The bus actually left on time, even though it was only about half full. But it then stopped about every quarter of a mile to pick up passengers along the road. Every one of whom seemed to be carrying the entirety of their worldly goods with them, requiring a good ten to fifteen minutes at each stop to load luggage. I was lucky to keep my seat to myself for about the first hour, until a woman with a very fussy---and very stinky---baby plopped herself, her baby, and her live chicken into the seat next to me---and into about half of my seat. I spent the remaining four hours alternating between cat-naps and passive-aggressive battle for space.

I got back to Zomba; slept for half a day; took a long, hot shower to scrub off the sand and grit; and steeled myself for another week of volunteer hunting.

Next Up: Wild Goose Chases and Other Adventures

Monday, September 06, 2010

A Day in the Life

To recap a bit: I arrived in Malawi, spent two days being orientated in Lilongwe, went to a friend’s wedding in Mzuzu, and was depressed in Zomba.

And I’m still in Zomba, but only occasionally depressed. Things were a bit frustrating when I first arrived. My housemate bailed on me. Malawian utilities were---and still are---failing me. And the institution with which I want to affiliate was strangling me in red tape. I had written ahead to find out what I needed to apply for affiliation---a proposal, a CV, and a letter of recommendation---and I promptly sent all the items so that the process would at least be started when I arrived. Except that when I arrived, I was told that my application was still incomplete: I needed proof of funding and two more letters of recommendation. After specifically asking if it was okay to have the letters sent by e-mail, I arranged for everything to be submitted. My committee members very dutifully sent the letters straight away. But when I went back again to check on the progress, I was told that the letters had to be on letterhead and signed; an e-mail was not indeed sufficient. Oh, and the affiliation fee has quintupled.

So I’m still waiting for affiliation.

I had anticipated that getting the affiliation would take some nagging after I got here, so I planned to spend the time locating a field site and doing research in the archives. Thus far, I’ve failed at both.

My plan for locating a field site was to hang around at the popular “azungu” (White/visitor) spots to find voluntourists, talk to them, and identify where they were working. This approach worked remarkably well during my preliminary research.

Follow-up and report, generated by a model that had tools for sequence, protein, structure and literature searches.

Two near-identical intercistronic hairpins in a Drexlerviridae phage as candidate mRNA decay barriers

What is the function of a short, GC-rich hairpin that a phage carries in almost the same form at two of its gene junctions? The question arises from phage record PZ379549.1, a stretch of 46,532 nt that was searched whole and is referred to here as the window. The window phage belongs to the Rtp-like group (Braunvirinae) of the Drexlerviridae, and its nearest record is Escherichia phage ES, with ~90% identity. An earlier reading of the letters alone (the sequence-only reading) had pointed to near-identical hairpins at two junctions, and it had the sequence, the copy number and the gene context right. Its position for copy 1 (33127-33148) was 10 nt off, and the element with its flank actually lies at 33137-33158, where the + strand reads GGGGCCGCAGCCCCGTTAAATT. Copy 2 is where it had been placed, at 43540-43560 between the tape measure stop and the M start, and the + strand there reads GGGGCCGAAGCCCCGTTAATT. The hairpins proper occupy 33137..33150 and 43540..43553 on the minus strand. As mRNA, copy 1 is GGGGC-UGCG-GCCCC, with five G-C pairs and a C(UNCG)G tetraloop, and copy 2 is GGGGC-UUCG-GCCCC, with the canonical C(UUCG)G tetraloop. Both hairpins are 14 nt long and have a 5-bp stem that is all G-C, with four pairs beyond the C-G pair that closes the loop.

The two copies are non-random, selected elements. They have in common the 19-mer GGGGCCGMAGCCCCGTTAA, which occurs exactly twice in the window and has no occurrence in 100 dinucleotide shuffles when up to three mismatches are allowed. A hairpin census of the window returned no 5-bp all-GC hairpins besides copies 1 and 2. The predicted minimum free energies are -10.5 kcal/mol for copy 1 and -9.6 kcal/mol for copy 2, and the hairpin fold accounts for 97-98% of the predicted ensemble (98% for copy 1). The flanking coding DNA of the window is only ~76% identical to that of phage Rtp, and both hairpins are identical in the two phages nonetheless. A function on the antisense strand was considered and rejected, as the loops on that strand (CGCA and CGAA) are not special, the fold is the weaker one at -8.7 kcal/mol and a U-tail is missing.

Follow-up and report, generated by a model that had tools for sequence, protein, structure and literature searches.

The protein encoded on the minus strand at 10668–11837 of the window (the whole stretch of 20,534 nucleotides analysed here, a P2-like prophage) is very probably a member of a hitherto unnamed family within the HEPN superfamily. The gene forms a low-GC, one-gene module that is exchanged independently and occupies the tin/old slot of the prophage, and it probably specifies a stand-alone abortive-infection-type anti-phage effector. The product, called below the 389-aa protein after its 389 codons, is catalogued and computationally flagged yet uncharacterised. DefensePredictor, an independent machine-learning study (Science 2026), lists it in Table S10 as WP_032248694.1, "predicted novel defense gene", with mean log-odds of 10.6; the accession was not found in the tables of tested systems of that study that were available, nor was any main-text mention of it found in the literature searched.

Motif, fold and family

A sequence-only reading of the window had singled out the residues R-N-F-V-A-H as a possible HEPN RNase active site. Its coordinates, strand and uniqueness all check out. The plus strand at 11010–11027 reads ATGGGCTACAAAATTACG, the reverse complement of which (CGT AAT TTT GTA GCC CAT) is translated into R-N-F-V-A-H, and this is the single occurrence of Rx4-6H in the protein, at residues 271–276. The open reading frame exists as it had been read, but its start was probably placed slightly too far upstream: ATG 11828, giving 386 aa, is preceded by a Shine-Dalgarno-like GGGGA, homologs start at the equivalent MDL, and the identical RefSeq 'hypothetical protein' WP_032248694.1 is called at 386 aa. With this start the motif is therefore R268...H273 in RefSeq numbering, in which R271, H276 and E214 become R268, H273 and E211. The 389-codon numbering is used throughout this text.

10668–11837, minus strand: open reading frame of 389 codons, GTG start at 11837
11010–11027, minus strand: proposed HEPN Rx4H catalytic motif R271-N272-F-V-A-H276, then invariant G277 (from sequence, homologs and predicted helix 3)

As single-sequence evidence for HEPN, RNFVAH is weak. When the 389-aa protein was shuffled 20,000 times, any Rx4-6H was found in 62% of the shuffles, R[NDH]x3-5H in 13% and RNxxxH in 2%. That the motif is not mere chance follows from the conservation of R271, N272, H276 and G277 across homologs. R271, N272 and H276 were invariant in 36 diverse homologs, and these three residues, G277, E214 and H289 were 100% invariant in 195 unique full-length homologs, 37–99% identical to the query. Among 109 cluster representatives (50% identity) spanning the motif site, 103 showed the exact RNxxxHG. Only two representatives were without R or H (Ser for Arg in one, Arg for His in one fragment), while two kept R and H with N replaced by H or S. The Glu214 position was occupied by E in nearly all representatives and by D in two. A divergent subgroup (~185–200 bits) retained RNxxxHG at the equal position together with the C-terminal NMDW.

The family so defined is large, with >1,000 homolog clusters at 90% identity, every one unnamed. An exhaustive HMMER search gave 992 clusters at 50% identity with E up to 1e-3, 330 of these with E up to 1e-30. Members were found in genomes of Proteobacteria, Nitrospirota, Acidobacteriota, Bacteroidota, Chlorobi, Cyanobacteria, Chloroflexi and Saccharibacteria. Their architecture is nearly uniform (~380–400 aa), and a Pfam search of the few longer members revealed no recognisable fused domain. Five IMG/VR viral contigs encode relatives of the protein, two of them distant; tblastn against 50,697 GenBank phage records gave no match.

Not so much this time.

Malawi has hundreds---if not thousands---of foreign volunteers. I’ve found three so far---all at a resort town at the lake, where I most definitely do not want to spend the next eight months (more on this later).

As for the archives, I’m mostly striking out, but I haven’t given up. I did find one useful book---a history of the British Voluntary Services Overseas---and I keep digging through subject indexes in the hopes that somewhere I’ll find a buried treasure. At the very least, it keeps me occupied while I hunt the elusive voluntourist and await my affiliation.

I do manage to keep myself mostly busy during the day---up until about 4.00 each afternoon. I'm up around 6.00 each morning. I go to the archives for a few hours, then have lunch at Tasty Bites, a restaurant geared toward azungu and middle-class Malawians. The food is decent---I can get a healthy portion of chicken or fish, chips, and salad, with a soda, for the equivalent of about $5---and it’s a hotspot for a couple of wireless services, so I can check e-mail. After lunch, I run errands around town---getting food at the market, having a skirt fixed at the tailor, buying more wireless minutes. I dodge the vendors who ask me every single day if I want to buy strawberries or postcards or cell phone minutes, even though I wave them off every single day. I read the local paper; big stories lately include a proposed policy to limit families to two children (no wonder people here think the Chinese have taken over) and projected food shortages (reports on which have led the president to threaten to shut down media for portraying the government in a bad light; I’m starting to think the Chinese have taken over). I write my notes from the day, although at this point they hardly qualify as field notes. I do some Chichewa review. My language skills are coming back quickly---I’ve managed conversations up to 3 minutes long---although for the life of me, I cannot understand a word that my housekeeper says.*

And then . . . I attempt to fill the very long hours from the late afternoon to a decent bedtime (around 9.00). I’m reading a lot; the Kindle has become an indispensable field tool. I listen to the same songs on endless repeat (but I finally got my billing figured out on iTunes, so send suggestions for new music). I cook dinner on a small gas cooker---generally some combination of potatoes, beans, and greens with tomatoes and onions. I write overly long, depressing blog posts and count the weeks until I can come home.

Field work is oh-so glamorous.

Next up: Boys, Beaches, and Bus Depots

* The owner of the house employs a caretaker who lives on the property with his wife and baby daughter. With all the dirt and dust and creepy critters in Malawi, daily house cleaning is essential. I’m way too lazy for that. And I’m complete rot at washing my clothes by hand. So I hired the wife as a part-time housekeeper, justifying it as contributing to the local economy.